Nanotechnology-Based Advancements in Postharvest Management of Horticultural Crops

    Tarun Kumar Upadhyay1,*, V. S. Varun Kumar2, Amit Baran Sharangi3, Vijay J. Upadhye1, Fahad Khan4, Pratibha Pandey4, Mohammad Amjad Kamal5,6,7, Abrar Yasin Baba8 and Khalid Rehman Hakeem9,*

    Phyton-International Journal of Experimental Botany, Vol.91, No.3, pp. 471-487, 2022, DOI:10.32604/phyton.2022.017258

    Abstract Horticulture is a branch of Agricultural science where it is defined as the science and art of cultivating and handling fruits, vegetables, ornamental plants and several plants having unique medicinal and aromatic values. Horticultural crops provide farmers with high income and have good export quality, but they have a concern about postharvest losses. Hence, increasing productivity and decreasing post-harvest losses by using scientific studies and techniques like biotechnology and nanotechnology could be the simplest possible solution to the above-mentioned problems. Using nanotechnology which is having the characteristics of nanoparticles is proven to be very useful… More >

  • Open Access


    In vitro evaluation of antifungal activity of Agave (Agave scabra, Salm Dyck) extracts against post-harvest mushrooms

    González-Álvarez M, S Moreno-Limón*, SM Salcedo-Martínez, EC Pérez-Rodríguez

    Phyton-International Journal of Experimental Botany, Vol.84, No.2, pp. 427-434, 2015, DOI:10.32604/phyton.2015.84.427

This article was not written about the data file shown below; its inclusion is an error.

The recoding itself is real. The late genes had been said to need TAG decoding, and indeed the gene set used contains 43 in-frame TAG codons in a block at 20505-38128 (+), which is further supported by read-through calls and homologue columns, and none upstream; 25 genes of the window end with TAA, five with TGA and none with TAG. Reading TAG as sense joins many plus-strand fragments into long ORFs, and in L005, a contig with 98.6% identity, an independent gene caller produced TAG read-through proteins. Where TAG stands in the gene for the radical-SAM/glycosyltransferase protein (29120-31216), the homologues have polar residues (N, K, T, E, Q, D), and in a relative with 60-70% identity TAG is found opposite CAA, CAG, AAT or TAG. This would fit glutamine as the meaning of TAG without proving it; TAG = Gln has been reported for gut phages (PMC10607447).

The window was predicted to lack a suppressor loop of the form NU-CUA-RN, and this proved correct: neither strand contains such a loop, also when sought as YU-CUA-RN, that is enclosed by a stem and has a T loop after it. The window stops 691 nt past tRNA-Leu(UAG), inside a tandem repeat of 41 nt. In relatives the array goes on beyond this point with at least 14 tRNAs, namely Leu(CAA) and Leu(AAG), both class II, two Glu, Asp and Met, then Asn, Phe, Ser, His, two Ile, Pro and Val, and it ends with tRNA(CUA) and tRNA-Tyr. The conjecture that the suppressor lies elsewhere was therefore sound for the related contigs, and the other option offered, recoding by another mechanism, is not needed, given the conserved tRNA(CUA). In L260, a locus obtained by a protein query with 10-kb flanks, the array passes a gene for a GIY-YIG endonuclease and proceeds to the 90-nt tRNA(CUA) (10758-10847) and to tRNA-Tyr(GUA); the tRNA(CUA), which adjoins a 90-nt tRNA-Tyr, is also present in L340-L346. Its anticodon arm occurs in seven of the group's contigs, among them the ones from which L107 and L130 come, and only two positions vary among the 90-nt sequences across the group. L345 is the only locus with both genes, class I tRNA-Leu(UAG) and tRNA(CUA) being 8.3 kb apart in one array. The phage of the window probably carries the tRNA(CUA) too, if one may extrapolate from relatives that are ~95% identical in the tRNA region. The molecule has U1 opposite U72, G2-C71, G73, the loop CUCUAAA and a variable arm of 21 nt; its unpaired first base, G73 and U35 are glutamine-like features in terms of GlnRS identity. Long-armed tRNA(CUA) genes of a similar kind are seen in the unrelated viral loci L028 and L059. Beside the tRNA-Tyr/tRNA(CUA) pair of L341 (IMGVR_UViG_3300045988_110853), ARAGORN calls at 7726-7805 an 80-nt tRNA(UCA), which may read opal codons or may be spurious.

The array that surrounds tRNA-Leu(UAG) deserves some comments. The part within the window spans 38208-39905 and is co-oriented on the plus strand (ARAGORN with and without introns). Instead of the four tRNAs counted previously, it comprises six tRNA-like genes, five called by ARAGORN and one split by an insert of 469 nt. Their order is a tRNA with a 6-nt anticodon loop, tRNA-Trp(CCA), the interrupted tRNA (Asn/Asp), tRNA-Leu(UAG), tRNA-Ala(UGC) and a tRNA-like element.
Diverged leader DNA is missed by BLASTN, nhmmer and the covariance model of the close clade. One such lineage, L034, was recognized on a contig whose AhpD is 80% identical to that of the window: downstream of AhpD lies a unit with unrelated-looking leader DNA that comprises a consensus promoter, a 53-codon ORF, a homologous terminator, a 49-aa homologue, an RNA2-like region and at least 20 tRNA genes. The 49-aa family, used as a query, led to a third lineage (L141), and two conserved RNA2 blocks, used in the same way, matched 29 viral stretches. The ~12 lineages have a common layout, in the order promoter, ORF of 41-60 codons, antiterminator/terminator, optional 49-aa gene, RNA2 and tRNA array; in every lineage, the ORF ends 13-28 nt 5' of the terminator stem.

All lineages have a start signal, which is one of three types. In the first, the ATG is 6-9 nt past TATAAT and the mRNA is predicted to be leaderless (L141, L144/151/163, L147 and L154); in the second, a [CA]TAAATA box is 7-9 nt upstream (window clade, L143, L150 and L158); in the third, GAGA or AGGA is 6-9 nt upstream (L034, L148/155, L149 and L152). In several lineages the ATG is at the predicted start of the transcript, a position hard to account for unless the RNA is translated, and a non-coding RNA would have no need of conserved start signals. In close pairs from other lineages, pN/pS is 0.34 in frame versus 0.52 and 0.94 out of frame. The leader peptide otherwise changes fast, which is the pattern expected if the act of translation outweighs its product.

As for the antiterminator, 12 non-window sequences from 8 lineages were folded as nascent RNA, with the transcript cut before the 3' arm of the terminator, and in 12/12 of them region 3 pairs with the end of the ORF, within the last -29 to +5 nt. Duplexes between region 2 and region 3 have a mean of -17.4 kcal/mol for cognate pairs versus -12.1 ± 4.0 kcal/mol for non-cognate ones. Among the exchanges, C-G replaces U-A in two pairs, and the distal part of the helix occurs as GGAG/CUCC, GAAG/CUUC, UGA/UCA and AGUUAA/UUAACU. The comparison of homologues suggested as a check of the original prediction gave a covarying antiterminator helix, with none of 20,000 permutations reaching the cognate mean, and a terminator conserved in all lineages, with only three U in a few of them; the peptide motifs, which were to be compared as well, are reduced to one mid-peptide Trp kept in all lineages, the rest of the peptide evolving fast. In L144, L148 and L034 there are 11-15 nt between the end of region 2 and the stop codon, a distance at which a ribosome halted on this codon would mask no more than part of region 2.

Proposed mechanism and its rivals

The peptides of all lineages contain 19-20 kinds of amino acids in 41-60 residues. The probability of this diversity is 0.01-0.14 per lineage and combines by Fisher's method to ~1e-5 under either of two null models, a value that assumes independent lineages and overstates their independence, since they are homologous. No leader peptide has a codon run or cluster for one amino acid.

Abstract The agricultural sector, and particularly the horticultural production, has a singular importance in agriculture, considering that it ranks second on agricultural products, nationally and worldwide. Fungal diseases are one of the major causes of vegetable loss during storage, reducing their nutritional value, quality and sale price. Vegetables are usually exposed to diverse treatments with chemical products before storage; as a result, fungal populations develop an increased resistance over time becoming more difficult to control. Because of this, research efforts toward finding more suitable chemicals to control fungal diseases are needed. Natural extracts may be an… More >

  • Open Access


    Extension of postharvest shelf-life of tomato fruits using biocompatible synthetic latex

    Ramos G1, RH Lira1, RD Peralta2, GY Cortez2, A Cárdenas1

    Phyton-International Journal of Experimental Botany, Vol.83, pp. 139-143, 2014, DOI:10.32604/phyton.2014.83.139

    Abstract Tomato fruits are perishable products that require treatments such as coating films to extend their shelf life. Because of this and to avoid use of synthetic chemicals to prevent physical deterioration during postharvest, we evaluated the effects of an edible coating polymer latex poly (vinyl acetate-co-vinyl alcohol), P (VAc-co-VA), at three concentrations (0, 50 and 100%) in tomato fruits. The trial was conducted at room temperature conditions (31 ± 4 °C; with RH of 30 ± 5%) and temperature-controlled (12 ± 1 °C; with RH of 75 ± 5%). Fruits coated with P (VAc-co-VA) at More >

  • Open Access